I always hear a lot of good comments from readers, but the feedback has been unusually interesting recently. Lets look at a few items that Ive found worthy of note.
By DEREK DONOVAN
The Kansas City Star
• I got a phone call last week from a Northland business owner who had been getting calls from friends alerting him to an unfortunate coincidence. They had seen a news report on a local TV station about a Johnson County man who was arrested on child pornography charges. The name of the man charged was the same as my callers, right down to the middle initial.
He asked me whether The Kansas City Star had run a story about the charges. If so, would it be possible to add a line noting that the suspect is not the same person as the business owner?
The Star hadnt reported on the arrest, which was for a crime that is unfortunately not exceptionally unusual.
I checked a reliable database of public records and discovered there are listings for at least five people in the Kansas City area with the same first and last names as the man charged. None of them have addresses in the same city as the suspect.
Believe me Im very sympathetic to my callers concern, which Im sure Id share if I were in his shoes. If the business owner were a prominent public figure, a news report should probably differentiate between the two. In an instance such as this, though, I would say that identifying a suspect by his age and city of residence would make it clear enough.
• The majority of reader concerns about fairness in news coverage involves politics no surprise there. Many avid followers of the news are also keenly interested in politics and want journalists to give the topic highest priority. But one recent emailer brought up a minority viewpoint that Ive heard others express in the past.
With about five months to go before the big election, Id appreciate a little less politics, he wrote.
The FYI is (should be) one respite from things political. I was disappointed to see Jeneé Osterheldts May 14 column on same sex marriage to be political. You can argue that it wasnt, but in the same week the president makes a statement on the same subject, its hard to separate the column from politics.
Even Stone Soup had the need to go political for several strips. I know several of the strips are frequently political, but you have those grouped together and I ignore them whether I might or might not agree. The comics are fun.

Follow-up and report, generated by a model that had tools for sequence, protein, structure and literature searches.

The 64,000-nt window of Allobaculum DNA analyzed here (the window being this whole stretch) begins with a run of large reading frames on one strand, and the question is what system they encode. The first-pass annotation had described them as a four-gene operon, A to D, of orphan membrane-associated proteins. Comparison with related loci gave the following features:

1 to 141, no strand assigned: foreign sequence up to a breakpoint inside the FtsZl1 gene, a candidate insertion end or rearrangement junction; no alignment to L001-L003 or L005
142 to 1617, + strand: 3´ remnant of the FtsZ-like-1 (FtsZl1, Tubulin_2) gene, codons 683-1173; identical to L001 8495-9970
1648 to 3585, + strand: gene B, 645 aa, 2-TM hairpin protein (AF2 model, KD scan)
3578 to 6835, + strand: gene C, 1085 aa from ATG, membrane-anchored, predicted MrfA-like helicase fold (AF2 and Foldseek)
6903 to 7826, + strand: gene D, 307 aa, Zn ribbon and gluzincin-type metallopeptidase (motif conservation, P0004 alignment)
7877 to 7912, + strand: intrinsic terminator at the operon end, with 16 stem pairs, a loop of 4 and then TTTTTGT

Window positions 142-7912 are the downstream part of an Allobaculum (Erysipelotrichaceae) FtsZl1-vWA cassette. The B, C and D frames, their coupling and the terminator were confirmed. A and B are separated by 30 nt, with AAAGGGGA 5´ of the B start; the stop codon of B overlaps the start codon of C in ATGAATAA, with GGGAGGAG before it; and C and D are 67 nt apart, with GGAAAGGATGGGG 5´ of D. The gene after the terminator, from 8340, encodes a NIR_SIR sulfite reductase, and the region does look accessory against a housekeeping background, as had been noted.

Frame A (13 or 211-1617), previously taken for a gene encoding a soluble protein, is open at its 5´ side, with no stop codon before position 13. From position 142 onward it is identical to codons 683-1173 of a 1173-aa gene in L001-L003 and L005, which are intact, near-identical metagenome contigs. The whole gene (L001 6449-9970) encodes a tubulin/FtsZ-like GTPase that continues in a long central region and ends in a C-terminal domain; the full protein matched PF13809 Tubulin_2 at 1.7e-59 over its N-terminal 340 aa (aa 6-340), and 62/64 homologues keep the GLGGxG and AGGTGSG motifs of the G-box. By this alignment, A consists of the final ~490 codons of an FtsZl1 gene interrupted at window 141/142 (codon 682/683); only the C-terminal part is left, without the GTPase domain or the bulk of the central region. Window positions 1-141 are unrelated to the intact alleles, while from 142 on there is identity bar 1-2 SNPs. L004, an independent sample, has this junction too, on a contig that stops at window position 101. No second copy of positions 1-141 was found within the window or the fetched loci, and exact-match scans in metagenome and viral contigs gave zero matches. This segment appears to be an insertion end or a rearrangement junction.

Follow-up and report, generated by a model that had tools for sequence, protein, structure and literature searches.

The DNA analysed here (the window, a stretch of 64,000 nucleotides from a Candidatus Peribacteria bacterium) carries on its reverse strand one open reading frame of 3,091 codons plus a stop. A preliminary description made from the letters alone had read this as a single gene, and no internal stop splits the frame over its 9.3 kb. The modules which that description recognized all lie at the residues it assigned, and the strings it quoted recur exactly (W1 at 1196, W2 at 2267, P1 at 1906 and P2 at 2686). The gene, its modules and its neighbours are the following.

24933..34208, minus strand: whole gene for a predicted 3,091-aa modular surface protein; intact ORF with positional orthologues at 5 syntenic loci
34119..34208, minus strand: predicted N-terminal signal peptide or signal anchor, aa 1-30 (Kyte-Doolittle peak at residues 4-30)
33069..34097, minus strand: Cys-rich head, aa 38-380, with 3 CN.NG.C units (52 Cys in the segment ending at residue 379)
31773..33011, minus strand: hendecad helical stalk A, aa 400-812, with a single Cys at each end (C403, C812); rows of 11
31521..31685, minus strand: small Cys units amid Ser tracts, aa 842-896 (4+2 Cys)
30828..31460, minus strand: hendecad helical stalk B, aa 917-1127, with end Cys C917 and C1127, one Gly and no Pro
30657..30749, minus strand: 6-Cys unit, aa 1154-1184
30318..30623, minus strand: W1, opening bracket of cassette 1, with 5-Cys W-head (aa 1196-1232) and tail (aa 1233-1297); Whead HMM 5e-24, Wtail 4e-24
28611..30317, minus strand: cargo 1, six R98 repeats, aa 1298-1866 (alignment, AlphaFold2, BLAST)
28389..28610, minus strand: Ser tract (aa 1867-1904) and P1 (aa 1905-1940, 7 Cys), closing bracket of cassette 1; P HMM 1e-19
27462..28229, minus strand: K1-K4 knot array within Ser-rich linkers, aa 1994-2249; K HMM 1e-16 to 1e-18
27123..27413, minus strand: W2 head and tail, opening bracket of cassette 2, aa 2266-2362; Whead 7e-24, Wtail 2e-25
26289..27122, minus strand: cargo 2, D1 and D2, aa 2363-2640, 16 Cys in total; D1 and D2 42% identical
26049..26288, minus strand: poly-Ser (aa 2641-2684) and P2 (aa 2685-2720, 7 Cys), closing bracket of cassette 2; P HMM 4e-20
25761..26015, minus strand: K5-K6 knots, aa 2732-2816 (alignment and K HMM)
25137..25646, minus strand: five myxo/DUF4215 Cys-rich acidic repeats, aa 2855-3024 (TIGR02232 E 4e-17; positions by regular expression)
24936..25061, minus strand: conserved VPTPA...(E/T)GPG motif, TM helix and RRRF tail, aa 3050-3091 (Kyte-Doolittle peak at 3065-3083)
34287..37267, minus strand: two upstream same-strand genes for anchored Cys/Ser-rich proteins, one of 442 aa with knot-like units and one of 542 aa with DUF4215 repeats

Political overload is real, especially to those who dont enjoy punditry. I understand wanting to segregate the subject to the news and opinion sections.
• Does the website not mimic the paper? asked a reader who was having trouble finding a story on KansasCity.com after hed read it in the print edition.
As a reader and subscriber thats what I would expect, he wrote. If it doesnt, why doesnt the website indicate that what you find there is just an approximation of what you find in the paper? And if thats the case, thats crazy.
Hes far from the first person to make that observation. Most items that appear in print do go to KansasCity.com, but the story this reader was searching for ran in the FYI section. There isnt a separate FYI section on the site, so I wasnt surprised he had trouble.
There are some similarities between the organization of KansasCity.com and the print edition, but editors made the conscious decision years ago not to make the website mimic the paper too closely. The thinking is that what works in one medium doesnt always translate to the other. I get that but I agree with readers whove told me the two need more parallelism.
Remember there is the E-Star at estar.kcstar.com and its an exact electronic facsimile of the print edition. Plus, its free for home subscribers. I often hear from people who think its the best of both worlds.
To reach Derek Donovan, send email to email@example.com or call weekday mornings at 816-234-4487.